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As educators, we must challenge ourselves to stand up for social justice

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by Ashley Muscarella, NEA Student Program Chair

Recently, intolerance has reared its ugly head on a national scale. In lieu of hate and bigotry, we have all the more reason why we must be outspoken about our own core values. As aspiring educators, we know our public schools should be safe spaces where all students, regardless of their race, gender, sexual orientation, and socio-economic background, can have a learning environment that nurtures the mind and encourages exploration and problem-solving.

This is why as a college student and aspiring educator, I am proud to see higher learning institutions around the country take a stand against intolerance and hate.

Several, including Ohio State University, Pennsylvania State University, Michigan State University, Louisiana State University, the University of North Carolina and the University of Florida, have all denied venue requests for the fall semester from Richard B. Spencer, the white supremacist who led the violent Charlottesville protest last month that resulted in the death of anti-hate activist Heather Heyer.

Recent tweet from Richard Spencer regarding a denied request to appear at the Univ. of Florida

We know from a recent tweet, Spencer is not giving up his college tour of intolerance. This is why we must stand together as social justice warriors and activists.

If you are a college student preparing to serve in our public schools or a new or veteran educator, a great way to take a stand and work to build an environment worthy of our kids is to be an active member of your local association. Your union can be a resource to you as a vehicle for social justice advocacy, cultural awareness training, and professional practices that help us become the strongest educators and most-valued community allies.

The next generation of educators, myself included, must be committed to dismantling the racial hierarchy in our country that has allowed groups like Spencer’s to grow. It’s not easy to discuss things like white privilege or socio-economic privilege. But to grow, we must find comfort in the discomfort. We must challenge ourselves to reflect upon our internal biases and external privileges so that we may fight for a better future for our students.

Future educators, like myself, teeter between striving for a better today and setting the example for the future we know our students deserve.

As an aspiring educator, I am a proud member of a generation that is willing to stand up against racial inequality, sexual, gender, and religious discrimination as well as ignorance and intolerance. I know the fight is long, but shying away is not an option for me or my peers. We are the promise of a new and better tomorrow—a future which we must uphold.

10 responses to “As educators, we must challenge ourselves to stand up for social justice

  1. Recently intolerance has reared its ugly head? From a non teacher? Come on, this writer thinks intolerance is something new? But protesting god knows what in schools, and indoctrinating kids to socialism is a good thing? Gimme a break!

  2. Social justice? It took the Stock Market crash of ’29, and the subsequent Great Depression to unify the nation behind social justice, and then Roosevelt’s New Deal was met with vitriolic cries of protest from capitalists who claimed his attempts at balanced capitalism were “socialism,” and”communism!” Sound familiar? But look at the results!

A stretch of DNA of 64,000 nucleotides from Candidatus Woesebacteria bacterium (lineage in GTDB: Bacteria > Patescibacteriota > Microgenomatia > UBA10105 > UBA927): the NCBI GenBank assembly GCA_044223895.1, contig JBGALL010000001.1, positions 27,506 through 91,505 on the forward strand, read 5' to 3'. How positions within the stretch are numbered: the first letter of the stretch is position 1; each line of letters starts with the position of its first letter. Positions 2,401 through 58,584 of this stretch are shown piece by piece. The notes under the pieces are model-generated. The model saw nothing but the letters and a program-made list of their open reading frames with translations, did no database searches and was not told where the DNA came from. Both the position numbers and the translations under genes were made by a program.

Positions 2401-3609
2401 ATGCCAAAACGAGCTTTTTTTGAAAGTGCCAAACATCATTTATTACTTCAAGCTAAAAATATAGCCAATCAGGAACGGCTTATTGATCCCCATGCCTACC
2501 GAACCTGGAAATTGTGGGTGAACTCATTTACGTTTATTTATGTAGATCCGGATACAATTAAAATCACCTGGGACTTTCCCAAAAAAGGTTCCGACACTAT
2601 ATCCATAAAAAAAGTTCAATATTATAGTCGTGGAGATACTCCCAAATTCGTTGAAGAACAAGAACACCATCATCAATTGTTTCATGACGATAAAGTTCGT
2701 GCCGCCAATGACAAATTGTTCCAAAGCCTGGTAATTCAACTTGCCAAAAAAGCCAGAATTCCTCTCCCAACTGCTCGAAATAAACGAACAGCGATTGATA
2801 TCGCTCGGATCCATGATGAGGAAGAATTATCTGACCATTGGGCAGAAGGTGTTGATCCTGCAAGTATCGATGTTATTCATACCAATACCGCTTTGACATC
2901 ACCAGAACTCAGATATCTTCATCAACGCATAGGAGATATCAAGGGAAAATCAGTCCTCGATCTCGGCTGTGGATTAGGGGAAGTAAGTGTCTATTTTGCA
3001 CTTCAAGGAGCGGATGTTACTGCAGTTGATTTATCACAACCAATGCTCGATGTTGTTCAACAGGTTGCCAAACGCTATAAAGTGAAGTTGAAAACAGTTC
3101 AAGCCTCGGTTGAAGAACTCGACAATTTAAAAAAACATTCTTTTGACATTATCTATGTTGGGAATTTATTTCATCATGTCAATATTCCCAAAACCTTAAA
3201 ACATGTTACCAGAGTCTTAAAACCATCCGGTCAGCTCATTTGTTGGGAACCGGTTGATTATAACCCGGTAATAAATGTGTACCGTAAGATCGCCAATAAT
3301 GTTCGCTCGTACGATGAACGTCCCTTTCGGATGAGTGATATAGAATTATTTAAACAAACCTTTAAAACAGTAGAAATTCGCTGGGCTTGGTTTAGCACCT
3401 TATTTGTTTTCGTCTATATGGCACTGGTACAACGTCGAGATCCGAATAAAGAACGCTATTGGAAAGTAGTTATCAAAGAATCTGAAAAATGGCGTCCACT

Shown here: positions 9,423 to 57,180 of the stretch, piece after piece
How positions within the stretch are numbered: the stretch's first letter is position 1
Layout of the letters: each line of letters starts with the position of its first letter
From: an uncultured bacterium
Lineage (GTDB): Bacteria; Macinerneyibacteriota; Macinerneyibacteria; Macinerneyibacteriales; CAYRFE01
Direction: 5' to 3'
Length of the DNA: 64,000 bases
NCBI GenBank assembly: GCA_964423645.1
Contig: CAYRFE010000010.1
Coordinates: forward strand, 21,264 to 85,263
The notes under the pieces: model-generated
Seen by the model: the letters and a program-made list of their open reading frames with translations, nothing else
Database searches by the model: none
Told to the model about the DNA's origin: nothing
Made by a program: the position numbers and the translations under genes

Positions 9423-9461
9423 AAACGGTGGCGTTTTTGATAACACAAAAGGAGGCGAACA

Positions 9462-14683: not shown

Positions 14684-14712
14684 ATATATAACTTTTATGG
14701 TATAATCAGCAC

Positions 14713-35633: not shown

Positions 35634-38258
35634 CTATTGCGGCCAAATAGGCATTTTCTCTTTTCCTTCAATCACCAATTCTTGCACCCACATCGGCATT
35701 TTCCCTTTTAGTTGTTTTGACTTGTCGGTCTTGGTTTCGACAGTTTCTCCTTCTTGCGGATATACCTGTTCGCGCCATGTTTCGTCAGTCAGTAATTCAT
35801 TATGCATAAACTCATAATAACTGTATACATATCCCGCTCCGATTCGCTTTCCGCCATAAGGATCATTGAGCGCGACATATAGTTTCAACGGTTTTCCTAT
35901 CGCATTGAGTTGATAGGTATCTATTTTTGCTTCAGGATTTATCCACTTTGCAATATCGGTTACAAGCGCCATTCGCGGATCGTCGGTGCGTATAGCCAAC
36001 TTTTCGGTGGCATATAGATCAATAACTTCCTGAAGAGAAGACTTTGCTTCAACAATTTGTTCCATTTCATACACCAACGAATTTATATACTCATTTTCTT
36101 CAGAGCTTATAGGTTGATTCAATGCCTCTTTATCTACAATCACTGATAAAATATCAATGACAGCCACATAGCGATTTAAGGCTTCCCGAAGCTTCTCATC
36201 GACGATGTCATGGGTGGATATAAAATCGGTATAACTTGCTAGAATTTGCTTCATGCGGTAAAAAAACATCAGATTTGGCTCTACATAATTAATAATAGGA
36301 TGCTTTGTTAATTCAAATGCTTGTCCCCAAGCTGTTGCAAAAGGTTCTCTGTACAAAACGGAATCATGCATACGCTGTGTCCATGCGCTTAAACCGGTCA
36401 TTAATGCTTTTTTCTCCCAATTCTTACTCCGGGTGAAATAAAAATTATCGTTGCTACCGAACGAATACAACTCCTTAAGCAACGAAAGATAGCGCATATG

Social justice sounds like a no-brainer, but the obsticals from moneyed interest are confoundable! We’re all familiar with Citizens United vs The FEC, but right wing think tanks and propaganda outlets like “Free Congress Foundation,” “Heritage Foundation,” “Americans for Prosperity,” etc. have changed the very nature of public discourse until “truth” is a subjective concept. For a further a dress of this topic see “The Integration of Theory & Practice” by Free Congress Foundation’s Paul Weyrich and Eric Heubeck. The tenants of their right wing propaganda manifest would have made Joseph Goebels blush!

  3. Teachers should keep their political views to themselves. Maybe if teaching History early on things would be different. Teaching love and acceptance begins at home. It’s your job to teach, not be a politician! Homeschooling looks better and better…

    1. Homeschool is what insulates students into thinking their parents’ biases are the norm. Do you think the racists out there today learned how to hate from school?

    2. “Social justice advocacy, cultural awareness training, and professional practices” do not make a teacher a politician. I teach at a school where 2600 students speak 42 different languages. I am an advocate for these young people, and if I don’t have the resources to assist a student, I will reach out to those that do.

      1. Gee, wouldn’t it be nice if the school did not admit non English speakers? Then those in attendance would get more attention rather than catering to those who cannot speak the language of this country.

      1. I do keep my political views to myself with my students, but that doesn’t mean I have to keep my political views to myself in my private life. As a citizen, we have the right and responsibility to be involved in our communities and the direction of our country. I applaud college students who are getting involved.

    3. And maybe not pretend it’s an American right to not receive the pledge of allegiance. Exercising a right does not make it right.

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